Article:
Quaker meeting house and burial ground, Priory Road, Milford Haven
This Friends’ Meeting House was built in 1811 for American Quaker families who had set up a whaling centre at Milford Haven in the 1790s. The masterplan for the emerging new town set aside this plot for a burial ground and meeting place for Quakers, who weren’t allowed to use established cemeteries.
The first person buried here was Abigail Starbuck, who died in 1801. Her husband Samuel and his brother Daniel were leaders of the American settlers. The first mate of the whaling ship in Herman Melville’s classic novel Moby Dick is named Starbuck (the character’s name was later used for Starbucks coffee shops).
In 1814 Timothy Folger was buried here. He was another leader of the settlers. You can see his former home in Hamilton Terrace.
Notice the meeting house's simple design (the interior is pictured above). Quakers meet to seek a sense of deeper connection beyond themselves without preachers, creeds or hymns. Anyone who feels moved may stand and speak.
This method of worship aroused suspicion and sometimes hatred among other Christians. So too did the Quakers’ pacifism. The Milford Haven settlers had prospered in Nantucket until they refused to take sides in the American War of Independence.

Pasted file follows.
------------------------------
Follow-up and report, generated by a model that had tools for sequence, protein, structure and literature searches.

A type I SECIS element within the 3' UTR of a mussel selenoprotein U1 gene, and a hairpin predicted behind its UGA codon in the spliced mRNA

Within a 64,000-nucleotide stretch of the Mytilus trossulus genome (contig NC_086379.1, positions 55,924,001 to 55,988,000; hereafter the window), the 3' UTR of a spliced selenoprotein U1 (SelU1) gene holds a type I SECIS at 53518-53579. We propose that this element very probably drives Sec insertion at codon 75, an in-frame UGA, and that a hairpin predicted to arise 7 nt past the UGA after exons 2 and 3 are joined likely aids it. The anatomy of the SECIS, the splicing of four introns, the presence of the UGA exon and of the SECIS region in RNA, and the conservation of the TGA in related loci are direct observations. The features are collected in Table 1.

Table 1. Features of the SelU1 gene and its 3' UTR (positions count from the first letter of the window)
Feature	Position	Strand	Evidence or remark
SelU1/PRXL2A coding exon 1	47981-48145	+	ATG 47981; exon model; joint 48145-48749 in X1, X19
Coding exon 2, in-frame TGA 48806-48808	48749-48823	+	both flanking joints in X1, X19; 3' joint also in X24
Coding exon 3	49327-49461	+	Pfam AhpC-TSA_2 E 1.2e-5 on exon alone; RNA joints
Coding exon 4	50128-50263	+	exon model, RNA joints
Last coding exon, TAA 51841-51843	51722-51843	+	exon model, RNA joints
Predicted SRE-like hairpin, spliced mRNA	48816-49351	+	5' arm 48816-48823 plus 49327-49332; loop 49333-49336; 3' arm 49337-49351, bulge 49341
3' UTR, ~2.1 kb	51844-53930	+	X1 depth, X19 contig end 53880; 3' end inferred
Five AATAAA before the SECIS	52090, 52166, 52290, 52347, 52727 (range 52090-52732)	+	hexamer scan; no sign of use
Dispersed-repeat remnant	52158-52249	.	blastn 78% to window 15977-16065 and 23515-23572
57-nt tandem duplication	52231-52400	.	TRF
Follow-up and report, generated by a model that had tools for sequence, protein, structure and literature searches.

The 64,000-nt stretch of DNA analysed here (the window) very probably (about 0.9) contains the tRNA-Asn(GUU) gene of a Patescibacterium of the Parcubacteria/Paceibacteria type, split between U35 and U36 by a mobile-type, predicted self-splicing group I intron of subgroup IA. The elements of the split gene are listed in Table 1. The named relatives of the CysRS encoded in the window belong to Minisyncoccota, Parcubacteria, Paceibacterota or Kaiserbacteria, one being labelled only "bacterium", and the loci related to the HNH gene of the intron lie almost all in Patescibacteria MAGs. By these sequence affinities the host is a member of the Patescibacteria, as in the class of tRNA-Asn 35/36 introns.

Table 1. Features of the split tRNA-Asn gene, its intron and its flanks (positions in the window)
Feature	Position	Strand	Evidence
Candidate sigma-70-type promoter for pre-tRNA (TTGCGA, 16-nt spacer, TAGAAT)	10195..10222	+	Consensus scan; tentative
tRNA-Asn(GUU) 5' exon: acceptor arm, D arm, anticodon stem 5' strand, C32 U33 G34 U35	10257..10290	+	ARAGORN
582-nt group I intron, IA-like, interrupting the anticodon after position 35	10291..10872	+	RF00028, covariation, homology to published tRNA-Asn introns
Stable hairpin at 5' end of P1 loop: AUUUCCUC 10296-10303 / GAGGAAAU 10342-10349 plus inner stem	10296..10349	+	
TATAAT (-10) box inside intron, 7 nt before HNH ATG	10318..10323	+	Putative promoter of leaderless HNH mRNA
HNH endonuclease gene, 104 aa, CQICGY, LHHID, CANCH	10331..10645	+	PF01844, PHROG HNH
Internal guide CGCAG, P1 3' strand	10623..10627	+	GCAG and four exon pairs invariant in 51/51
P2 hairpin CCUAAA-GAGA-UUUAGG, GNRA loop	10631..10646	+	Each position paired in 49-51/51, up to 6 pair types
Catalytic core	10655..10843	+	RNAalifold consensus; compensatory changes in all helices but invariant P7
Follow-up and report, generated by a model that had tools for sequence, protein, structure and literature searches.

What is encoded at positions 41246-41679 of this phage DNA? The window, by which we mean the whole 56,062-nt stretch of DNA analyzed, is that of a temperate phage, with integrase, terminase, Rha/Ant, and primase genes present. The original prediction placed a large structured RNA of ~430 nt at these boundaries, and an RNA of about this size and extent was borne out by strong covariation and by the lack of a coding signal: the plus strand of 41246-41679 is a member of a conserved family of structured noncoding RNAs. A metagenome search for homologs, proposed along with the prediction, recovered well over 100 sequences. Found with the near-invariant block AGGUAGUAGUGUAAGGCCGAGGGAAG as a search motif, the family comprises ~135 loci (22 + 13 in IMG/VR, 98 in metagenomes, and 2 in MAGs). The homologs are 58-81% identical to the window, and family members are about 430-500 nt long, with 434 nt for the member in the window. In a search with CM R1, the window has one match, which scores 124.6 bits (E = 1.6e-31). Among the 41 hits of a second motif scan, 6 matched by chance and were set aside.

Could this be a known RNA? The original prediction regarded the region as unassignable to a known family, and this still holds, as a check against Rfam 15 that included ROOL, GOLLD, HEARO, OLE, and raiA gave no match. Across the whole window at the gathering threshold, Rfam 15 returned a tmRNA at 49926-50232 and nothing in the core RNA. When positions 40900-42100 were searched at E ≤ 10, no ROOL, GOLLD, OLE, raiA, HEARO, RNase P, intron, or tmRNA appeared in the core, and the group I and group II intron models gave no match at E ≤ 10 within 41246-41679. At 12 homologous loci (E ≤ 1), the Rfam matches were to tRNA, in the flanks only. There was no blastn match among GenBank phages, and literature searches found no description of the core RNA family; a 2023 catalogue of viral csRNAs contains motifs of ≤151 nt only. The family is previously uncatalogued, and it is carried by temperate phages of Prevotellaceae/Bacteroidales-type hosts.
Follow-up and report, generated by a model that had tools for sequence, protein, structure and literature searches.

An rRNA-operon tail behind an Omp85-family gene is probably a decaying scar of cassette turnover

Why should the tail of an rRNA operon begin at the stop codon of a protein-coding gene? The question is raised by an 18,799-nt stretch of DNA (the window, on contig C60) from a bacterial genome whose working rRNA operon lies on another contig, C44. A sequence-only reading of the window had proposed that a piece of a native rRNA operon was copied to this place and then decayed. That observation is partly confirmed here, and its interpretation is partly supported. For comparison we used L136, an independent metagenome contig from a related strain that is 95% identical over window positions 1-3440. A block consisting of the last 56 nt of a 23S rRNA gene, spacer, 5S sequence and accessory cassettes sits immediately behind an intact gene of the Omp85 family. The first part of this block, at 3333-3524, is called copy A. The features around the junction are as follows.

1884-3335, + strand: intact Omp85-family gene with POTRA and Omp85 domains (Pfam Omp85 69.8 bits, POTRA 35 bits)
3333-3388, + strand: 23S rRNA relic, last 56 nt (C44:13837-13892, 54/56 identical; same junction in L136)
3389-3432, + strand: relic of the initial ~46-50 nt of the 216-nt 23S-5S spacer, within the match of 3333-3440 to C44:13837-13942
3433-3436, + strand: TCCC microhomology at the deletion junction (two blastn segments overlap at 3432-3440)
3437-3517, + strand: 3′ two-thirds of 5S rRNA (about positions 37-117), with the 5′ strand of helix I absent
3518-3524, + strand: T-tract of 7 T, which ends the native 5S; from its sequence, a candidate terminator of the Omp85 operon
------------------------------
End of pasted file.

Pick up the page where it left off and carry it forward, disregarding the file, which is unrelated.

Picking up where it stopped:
The poet Waldo Williams, originally a Baptist, became a Quaker and attended meetings here after the Second World War, during which he had been a conscientious objector. He was appalled by Britain’s post-war militarism, including its participation in the Korean War and compulsory National Service for young men. He withheld tax payments in protest, for which he was jailed in 1960 and 1961. His possessions were auctioned in lieu of taxes, but fellow Quakers bought and returned them.
In 1917, when Britain was short of food as a result of German submarines sinking merchant ships, the Quaker burial ground became a chicken run, complete with poultry house. An objector said this was an insult to the Starbucks and other dead founders of the town. The council’s surveyor said the graves had been netted off.
Meetings are still held here on Sundays. Visitors are welcome to enter the front garden area at any time, or to enter the building by arrangement. Follow the link below for details.
With thanks to David Doorbar
Postcode: SA73 2DS View Location Map